Looking back now, it is less clear for me if they fully understood what I meant to say. It is not only because the involvement of China and India in environmental discussions was hardly sought seriously to this day, but more fundamentally the slowness of Western realization of limitation of the Western way of thinking. If the Western advanced countries had truly understood this limitation, they would have sought more positively contributions from the Oriental way of thinking, originating in India and China. Furthermore, they should not have forced China and India to follow the Western models of economic activities and social behavior.

In fact, however, the advanced countries, not to mention the United States, have encouraged non-Western developing states including China and India to copy Western methodology. As a result, the Western-style industrialization of the developing countries, including the two biggest nations, has produced the marked increase in the environmental pollution load today.

This notwithstanding, it would be too unfair to force them now to curtail their environmental load, unilaterally and across the board. It would be tantamount to that "what suits the West is fair and the opposite is unfair." If we seriously seek their participation, we should allow them rates of reduction of the volume of gas emission, not from the present level but from the supposed-to-be future level of emission after the completion of their industrial development. Wouldn't it be fair, for example, to set the per capita volume of gas emission at certain levels, irrespective of whether they were advanced countries or developing nations?

But then, it would be very difficult, if not impossible, to attain the goal "to cut the volume of global gas emission by half" as the volume of gas emission by developing nations would certainly increase. Therefore, it is very important for advanced countries to carry out a large-scale reduction across the board first, on the assumption that they will radically change their present economic-social structure, which places truly heavy load on environment. Then China and India, who have already achieved a "take-off," will, from now on, have to be encouraged to take a course of development other than that of Western industrial powers. And an exception need to be made for those least developed countries that have fallen into a vicious circle of poverty.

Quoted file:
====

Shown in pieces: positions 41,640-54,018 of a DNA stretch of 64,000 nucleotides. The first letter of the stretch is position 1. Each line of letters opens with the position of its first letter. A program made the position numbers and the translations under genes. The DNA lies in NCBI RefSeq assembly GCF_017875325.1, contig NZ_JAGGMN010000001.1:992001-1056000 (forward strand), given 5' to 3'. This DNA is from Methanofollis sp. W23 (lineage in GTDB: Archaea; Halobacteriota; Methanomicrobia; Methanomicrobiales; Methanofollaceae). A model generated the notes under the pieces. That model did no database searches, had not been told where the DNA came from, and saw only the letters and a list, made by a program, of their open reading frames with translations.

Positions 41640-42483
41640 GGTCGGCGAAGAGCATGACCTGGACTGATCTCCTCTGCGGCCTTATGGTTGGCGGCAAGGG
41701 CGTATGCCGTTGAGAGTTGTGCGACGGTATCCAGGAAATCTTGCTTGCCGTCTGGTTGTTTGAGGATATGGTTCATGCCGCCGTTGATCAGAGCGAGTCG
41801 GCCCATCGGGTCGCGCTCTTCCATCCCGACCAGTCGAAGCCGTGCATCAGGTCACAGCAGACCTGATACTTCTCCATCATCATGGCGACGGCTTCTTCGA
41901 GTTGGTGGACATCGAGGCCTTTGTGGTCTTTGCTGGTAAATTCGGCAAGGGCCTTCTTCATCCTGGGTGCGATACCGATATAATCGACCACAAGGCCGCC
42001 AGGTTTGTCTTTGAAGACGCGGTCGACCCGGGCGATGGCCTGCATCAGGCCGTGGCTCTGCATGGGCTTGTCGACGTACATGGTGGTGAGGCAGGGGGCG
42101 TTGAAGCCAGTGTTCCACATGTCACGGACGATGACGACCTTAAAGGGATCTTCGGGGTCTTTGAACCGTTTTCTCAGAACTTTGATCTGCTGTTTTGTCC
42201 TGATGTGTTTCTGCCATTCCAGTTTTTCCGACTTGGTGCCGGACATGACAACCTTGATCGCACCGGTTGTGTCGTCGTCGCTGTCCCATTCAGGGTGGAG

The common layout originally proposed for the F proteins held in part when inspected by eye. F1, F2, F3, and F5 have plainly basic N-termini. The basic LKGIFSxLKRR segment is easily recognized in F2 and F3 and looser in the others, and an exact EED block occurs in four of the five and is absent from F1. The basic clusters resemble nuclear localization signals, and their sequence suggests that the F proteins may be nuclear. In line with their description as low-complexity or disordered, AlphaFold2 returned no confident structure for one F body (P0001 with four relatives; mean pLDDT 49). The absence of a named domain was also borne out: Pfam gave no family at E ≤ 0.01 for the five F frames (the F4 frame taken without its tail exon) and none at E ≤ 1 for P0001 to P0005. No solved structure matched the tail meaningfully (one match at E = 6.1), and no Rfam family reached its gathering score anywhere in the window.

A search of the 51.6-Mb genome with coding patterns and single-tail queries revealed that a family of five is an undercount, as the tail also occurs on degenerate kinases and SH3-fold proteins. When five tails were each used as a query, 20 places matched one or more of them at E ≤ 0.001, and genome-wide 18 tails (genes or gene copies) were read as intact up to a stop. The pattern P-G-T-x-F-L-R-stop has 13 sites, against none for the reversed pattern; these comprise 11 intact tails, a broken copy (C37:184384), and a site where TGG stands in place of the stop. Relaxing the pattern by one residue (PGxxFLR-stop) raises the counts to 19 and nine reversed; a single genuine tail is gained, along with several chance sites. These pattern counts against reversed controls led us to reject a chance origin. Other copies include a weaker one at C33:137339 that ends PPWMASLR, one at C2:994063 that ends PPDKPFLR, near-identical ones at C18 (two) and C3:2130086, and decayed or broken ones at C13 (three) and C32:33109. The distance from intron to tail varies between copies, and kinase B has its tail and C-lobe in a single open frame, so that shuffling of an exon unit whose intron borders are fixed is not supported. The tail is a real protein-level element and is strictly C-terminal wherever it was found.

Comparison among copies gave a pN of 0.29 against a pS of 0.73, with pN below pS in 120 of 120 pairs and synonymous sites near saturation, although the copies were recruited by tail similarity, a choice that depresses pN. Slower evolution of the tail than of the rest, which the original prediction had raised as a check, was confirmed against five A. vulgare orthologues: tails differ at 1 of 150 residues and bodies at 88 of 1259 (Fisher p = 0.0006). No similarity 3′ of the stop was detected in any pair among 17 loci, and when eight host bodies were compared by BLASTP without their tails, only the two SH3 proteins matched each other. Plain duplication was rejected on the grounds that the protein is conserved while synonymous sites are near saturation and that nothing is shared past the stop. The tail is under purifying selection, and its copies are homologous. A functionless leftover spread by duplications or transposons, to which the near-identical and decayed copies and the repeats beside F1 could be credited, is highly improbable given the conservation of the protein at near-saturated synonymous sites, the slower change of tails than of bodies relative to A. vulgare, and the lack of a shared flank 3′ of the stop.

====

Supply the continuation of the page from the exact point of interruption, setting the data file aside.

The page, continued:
If Tuiavii, the great chieftain of West Samoa who had realized the Oriental concept of "Ware taruwo shiru (I know what is enough)," were alive, he probably would say the following about the present situation: "Westerners, because they are poor, make efforts to save money and things. Those who are really wealthy, have no need to save, because they can get what they need at any time. Westerners, because they are poor at heart, use machines and vehicles. Those who are rich at heart do not need machines and vehicles because they can spend time fully by using the heart which is boundlessly rich."

There is nothing we can do to resolve the global environmental problem unless we try to reach such non-Western type of enlightenment, overcoming the interests of nation, company or individual.

The writer is Professor of Saitama University.
The English-Speaking Union of Japan

小野五郎 / 埼玉大学教授

2007年 7月 25日













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English Speaking Union of Japan > Japan in Their Own Words (JITOW) > Advanced Nations Should Speak More Humbly about Global Warming